Flu shot

You may not have thought this about me, but I did not notice until a couple days ago that my municipality has offered flu shots to people outside the “risk groups” since December 1 – and even then, I did not take it until today.  It is certainly not because I am afraid of needles, like one young woman who was there. But let us not get too far ahead.

Yesterday work had an early meeting, so I could not get the shot then. (It is only administered during work hours, but luckily these begin 8:30. I expected the small rural clinic to be packed at that time, though, since most people outside the risk group are probably working. Besides, I need my sleep.  So I decided to come after 9, when most working people would have left.)

The waiting room was not quite empty, but under half full. The receptionists were busy with the phone, but once I got to them, I got a small photocopied form to fill in my social security number, name, and tick 4 sets of boxes about health, allergy and vaccination. The doctor was supposed to evaluate it if there were allergies even if these were not related to egg (which is the stratum for growing the virus). I am pretty sure my allergy to bird down, cattle feed and rabbits would not in any way interfere with the vaccine, but they never even asked what the allergies were.  (Except on the form, where egg was a separate ticky box.)

After about an hour, I was called into the lab where a nice lab girl asked what arm I wanted the shot in.  I picked the left, of course, since I am quite possibly the most right-sided human alive that has not actually had parts of the brain removed.  I score 10 out of 10 right on Desmond Morris’s handedness test.  (I was about to write handiness here,  thank you Sims 3!)

Sometime in the lab – I can’t remember if it was before or after the actual needlework – Lab Girl had to register me in their database, as I had never been to the doctor there.  That is right, I came in February 2006 and had never been to the clinic before.  I never even changed my state-sponsored doctor from the one I used in Søgne.  I have only gone to the doctor in emergencies in the meantime, and not many of those either luckily.  And I probably won’t go there again.  I assume my next doctor will be in Mandal.  It is almost a shame, since this is possibly the only time in my life that the clinic has been within easy walking distance from my home. Oh well.  Notice that they did not have the option to import my data from my previous municipality. That would be too easy, eh? At least it was not the actual doctor spending time filling in name and address and social security number, although I would not be surprised if they do that too.

After getting the shot I was asked to stay in the waiting room for another quarter of an hour. They did not say why, but presumably it was in case I got a bad reaction (anaphylaxis).  You would want me to collapse in the clinic if at all, rather than in the traffic.  But no such thing happened.  The only thing I felt at the time was a pleasant warmth around the area of the sting.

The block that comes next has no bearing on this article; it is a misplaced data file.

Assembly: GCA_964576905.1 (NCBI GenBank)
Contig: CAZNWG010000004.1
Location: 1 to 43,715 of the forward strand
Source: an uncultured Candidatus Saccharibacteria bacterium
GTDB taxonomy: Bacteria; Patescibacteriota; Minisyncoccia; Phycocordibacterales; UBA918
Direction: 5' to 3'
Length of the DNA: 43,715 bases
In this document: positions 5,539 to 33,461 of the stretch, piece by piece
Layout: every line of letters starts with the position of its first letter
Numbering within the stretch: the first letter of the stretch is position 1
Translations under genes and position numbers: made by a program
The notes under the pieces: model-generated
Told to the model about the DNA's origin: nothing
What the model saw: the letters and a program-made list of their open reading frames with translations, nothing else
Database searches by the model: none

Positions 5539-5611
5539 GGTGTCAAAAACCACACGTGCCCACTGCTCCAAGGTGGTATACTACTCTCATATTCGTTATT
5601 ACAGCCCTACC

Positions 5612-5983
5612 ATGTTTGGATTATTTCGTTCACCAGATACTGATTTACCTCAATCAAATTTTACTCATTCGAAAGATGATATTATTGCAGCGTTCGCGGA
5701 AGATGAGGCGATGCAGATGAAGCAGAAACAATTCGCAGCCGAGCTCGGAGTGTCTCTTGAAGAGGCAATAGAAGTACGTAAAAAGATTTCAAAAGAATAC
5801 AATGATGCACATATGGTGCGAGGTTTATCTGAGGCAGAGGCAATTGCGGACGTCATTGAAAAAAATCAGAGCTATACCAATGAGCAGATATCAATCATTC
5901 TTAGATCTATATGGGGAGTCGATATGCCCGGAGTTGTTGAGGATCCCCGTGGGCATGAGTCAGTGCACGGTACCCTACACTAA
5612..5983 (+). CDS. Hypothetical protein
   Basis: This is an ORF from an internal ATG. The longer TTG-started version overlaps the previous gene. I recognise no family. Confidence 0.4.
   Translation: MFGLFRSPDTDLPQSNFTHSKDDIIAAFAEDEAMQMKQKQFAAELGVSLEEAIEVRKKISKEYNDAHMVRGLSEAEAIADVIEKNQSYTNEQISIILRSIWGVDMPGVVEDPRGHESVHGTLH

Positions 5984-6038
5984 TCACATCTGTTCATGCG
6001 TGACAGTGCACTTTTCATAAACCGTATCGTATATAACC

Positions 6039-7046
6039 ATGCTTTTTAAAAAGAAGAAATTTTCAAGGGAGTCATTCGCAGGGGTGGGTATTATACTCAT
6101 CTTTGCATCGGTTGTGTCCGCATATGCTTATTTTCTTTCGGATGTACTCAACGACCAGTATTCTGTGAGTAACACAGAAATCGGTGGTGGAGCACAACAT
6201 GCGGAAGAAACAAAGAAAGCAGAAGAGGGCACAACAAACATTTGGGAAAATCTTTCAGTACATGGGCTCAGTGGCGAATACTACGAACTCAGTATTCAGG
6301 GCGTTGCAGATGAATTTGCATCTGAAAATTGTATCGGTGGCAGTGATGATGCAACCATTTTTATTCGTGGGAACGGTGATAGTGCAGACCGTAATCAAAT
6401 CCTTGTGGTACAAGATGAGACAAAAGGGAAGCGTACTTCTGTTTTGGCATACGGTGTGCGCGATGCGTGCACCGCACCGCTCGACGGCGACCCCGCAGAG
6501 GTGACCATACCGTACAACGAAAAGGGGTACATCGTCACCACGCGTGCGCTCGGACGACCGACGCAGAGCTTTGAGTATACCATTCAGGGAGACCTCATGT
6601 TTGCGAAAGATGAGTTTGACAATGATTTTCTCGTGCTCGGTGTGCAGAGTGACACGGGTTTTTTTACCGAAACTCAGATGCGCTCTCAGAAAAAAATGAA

That has changed over the day.  Now, late at night, it hurts so much that I have started wondering if there may be a secondary infection. I don’t remember whether they disinfected the skin before plunging the needle in, I know I didn’t.  On the other hand, the needle was pretty thin, I barely felt it.

That reminds me of the conversation I overheard in the waiting room. The swine flu is the big issue in such places, for natural reasons, even though perhaps half or even less of the few patients came for the flu shot.  Two of the other patients were talking quite freely, I certainly did not have to strain to hear them.  The younger one had thought about the flu vaccine but did not want to because she did not like needles.  I can’t imagine why, needles are sexy, but I did not comment of course.  I am not quite as crazy as I may come across here.

The needle, as I have already mentioned, is actually the least of it. Over the course of the day my upper arm has grown more tender and painful and a bit stiff.  It is now definitely the most painful spot on my body, although I doubt it will be enough to keep me awake.  For most of the day however it was less painful than my thighs and bottom. I assume these were affected by my rapid march on asphalt with backpack for nearly an hour last night as I returned from the Mothhouse.  (I wisely decided to not go there today.) Where is a good butt massage when you need one? You know I would have done it unto others.  Well, some others at least.

Hopefully the arm won’t get worse than this, in which case it beats actual flu by an order of magnitude or two.


1 thought on “Flu shot

  1. I’m very relieved you got the shot.

    Needles sexy? I suppose in a Freudian, theoretical way. Or to people with certain disturbing fetishes. I do not find them so myself!

    Some years the flu shot makes my arm more sore than a tetanus shot does, others I barely notice it after the first day. Don’t know whether to attribute this to the administration of the shot or the vaccine. Don’t much care, other than sheer curiosity. Hope it’s better soon.

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